3.26 Harding then discusses the researcher’s responsibility to use their reflexive conclusions for the researched. Homophobia and heterosexism in society and research has impacted on studies involving LGB populations and individuals (Martin and Knox 2000; Meyer 2001; Kong, Mahony and Plummer 2002; La Sala 2003). Walsh-Bowers and Parlour (1992) examine the issue of attitudes biased against homosexuals in some detail and develop a view that in order to gain bias-free (in this case non-homophobic/heterosexist) knowledge, one must utilise theories challenging dominant assumptions, and define the researcher’s role as one of an advocate for the oppressed. However, this is not uncontested. Kong, Mahoney and Plummer (2002:248) concur with the view that research needs a degree of balancing, gay-affirming subjectivity:

The task is to subvert the unified notion of gay and lesbian identity to paint a picture of multiple and conflicting sexual/gendered experiences.

3.27 They suggest that research is challenging, and needs to challenge, ideas of homogeneity in gay research and interviewers have to account for common values or experiences. I thus challenge notions of homogeneity and seek to give a much-needed voice to British OGM in the heterosexist gerontology literature, to recognise and present the participants’ individuality alongside shared experiences, to highlight the positive aspects of ageing and sexuality in later life, without neglecting the negative examples.

3.28 Similarities in the experiences of members of the gay community and members of other minority groups (Moore 2006; La Sala 2003; Croom 2000) explain the importance of these discussions. If researchers have previously been criticised for heterosexism, racism, sexism etc., more positive representations redressing the balance are surely justified. However, over-egging the positive representation can have the opposite effect. Firstly, it could underplay difficulties LGB elders have, for the sake of queer politics, such as accessing formal care (Lee 2007; Heaphy, Yip and Thompson 2003; Kitchen 2003). Secondly, it does not effectively consider non-heterosexuals in social policy contexts, missing opportunities to constructively assist their daily living. It would also down play the risks of an ‘insider’ being too close to their participants and from assuming ‘insider’ status, when in fact they might be as much an ‘insider’ as a heterosexual colleague (La Sala 2003).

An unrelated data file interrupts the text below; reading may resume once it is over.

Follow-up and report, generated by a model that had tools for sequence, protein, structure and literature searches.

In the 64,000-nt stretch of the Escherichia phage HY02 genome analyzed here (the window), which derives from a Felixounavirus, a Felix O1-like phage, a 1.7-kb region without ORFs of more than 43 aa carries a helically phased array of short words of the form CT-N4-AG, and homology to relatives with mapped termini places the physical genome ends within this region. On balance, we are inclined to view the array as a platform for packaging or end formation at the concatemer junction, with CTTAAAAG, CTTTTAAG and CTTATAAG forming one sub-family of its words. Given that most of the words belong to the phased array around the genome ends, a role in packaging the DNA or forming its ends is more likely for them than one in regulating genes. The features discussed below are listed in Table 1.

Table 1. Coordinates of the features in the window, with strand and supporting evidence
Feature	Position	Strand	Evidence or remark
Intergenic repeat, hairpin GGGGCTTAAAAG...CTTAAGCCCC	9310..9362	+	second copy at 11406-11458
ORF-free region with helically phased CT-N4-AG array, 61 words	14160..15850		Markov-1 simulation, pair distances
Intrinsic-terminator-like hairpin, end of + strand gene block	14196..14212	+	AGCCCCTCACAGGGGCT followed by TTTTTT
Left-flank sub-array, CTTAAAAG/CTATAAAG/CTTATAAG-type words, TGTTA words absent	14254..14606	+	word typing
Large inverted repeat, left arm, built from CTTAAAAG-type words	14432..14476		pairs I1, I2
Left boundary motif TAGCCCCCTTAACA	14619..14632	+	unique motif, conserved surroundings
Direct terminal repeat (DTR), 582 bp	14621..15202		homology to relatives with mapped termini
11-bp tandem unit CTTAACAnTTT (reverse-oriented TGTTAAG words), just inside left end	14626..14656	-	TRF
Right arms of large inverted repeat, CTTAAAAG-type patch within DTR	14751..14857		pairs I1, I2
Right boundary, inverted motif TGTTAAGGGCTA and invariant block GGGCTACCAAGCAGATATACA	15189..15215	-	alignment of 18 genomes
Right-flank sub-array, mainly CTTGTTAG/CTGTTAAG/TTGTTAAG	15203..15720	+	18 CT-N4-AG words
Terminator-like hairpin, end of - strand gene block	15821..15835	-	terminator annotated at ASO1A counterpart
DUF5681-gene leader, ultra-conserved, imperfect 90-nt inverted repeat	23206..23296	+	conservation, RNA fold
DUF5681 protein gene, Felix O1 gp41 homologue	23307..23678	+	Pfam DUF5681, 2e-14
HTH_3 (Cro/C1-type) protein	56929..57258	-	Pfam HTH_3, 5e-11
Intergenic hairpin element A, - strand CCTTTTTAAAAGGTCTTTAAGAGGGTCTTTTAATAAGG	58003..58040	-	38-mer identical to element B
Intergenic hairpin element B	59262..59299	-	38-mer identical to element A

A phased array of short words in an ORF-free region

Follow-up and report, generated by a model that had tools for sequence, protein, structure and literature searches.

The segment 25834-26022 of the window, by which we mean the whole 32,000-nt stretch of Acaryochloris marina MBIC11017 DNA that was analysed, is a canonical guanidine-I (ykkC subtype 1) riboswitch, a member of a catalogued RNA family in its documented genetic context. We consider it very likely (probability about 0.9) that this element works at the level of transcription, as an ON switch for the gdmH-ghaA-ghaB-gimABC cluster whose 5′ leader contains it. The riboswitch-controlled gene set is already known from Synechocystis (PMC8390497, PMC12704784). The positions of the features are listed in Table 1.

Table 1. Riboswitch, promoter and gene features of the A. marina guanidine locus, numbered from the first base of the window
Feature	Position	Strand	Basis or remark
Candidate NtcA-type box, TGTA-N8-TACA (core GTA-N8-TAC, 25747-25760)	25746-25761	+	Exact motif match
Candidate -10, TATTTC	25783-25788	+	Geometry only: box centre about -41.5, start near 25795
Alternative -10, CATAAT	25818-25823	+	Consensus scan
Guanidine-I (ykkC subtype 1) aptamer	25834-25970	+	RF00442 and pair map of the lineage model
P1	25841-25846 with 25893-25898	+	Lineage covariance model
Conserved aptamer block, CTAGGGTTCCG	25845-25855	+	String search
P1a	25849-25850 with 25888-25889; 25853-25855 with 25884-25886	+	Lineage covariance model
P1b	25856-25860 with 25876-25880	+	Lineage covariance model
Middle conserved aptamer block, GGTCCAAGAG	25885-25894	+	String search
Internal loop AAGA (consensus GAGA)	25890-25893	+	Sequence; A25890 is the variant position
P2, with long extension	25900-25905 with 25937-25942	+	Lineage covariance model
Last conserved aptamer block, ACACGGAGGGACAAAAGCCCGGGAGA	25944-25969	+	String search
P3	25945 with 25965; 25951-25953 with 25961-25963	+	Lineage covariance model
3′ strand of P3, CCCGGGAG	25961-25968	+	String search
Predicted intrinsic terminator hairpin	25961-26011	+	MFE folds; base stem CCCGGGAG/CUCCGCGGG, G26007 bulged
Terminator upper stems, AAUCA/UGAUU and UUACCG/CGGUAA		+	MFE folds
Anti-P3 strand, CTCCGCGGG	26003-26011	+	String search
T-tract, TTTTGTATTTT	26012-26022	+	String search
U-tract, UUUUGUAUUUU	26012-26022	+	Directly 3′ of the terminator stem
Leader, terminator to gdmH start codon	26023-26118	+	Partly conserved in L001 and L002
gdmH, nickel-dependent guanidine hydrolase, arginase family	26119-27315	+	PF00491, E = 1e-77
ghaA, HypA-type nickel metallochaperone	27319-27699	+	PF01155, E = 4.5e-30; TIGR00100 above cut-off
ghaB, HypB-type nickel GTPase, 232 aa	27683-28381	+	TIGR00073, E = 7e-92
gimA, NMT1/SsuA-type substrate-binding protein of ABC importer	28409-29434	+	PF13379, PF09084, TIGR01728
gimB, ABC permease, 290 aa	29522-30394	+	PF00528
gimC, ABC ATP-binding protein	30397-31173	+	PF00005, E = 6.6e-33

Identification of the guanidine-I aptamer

4.1 This paper has outlined the approach taken to researching British OGM. Explaining the fieldwork processes contributes to the literature on qualitative research and, specifically, that relating to gerontology and gay men. There are a number of important considerations when ‘doing gay research’, especially relevant to OGM. For example, sharing elements of participants’ sexual and gender identities is highly influential to generating trust and rich data. I also attempt to retain and report much of the interviewees’ personal, first-hand accounts because each participant is an individual. However, individual life stories and identities help, also, to develop a collective understanding of OGM.

4.2 Using some existing gay and feminist methodological theory, I have argued that a proportion of the gerontological literature is not sufficiently reflexive. It down plays sexual diversity and negative aspects of elder LGB lives, or misrepresents their experiences. This has led to my presentation of work that compensates for these limitations to produce more balanced knowledge. Finally, it is hoped that these ordered thoughts will stimulate debate within and out with LGB and gerontological studies.


1 I have deliberately chosen not to identify the groups contacted for reasons of participant and organisation anonymity, in a relatively small and interconnected geographical area.

2 La Sala (2003: 16) explains: The emic perspective is the viewpoint of the members of the group or culture being studied. Behaviour and events are described strictly in terms of what they mean to the informants. For the etic or outsider standpoint, behaviour is explained using theories that are thought to be applicable to all groups and cultures. Good research incorporates an integration of both.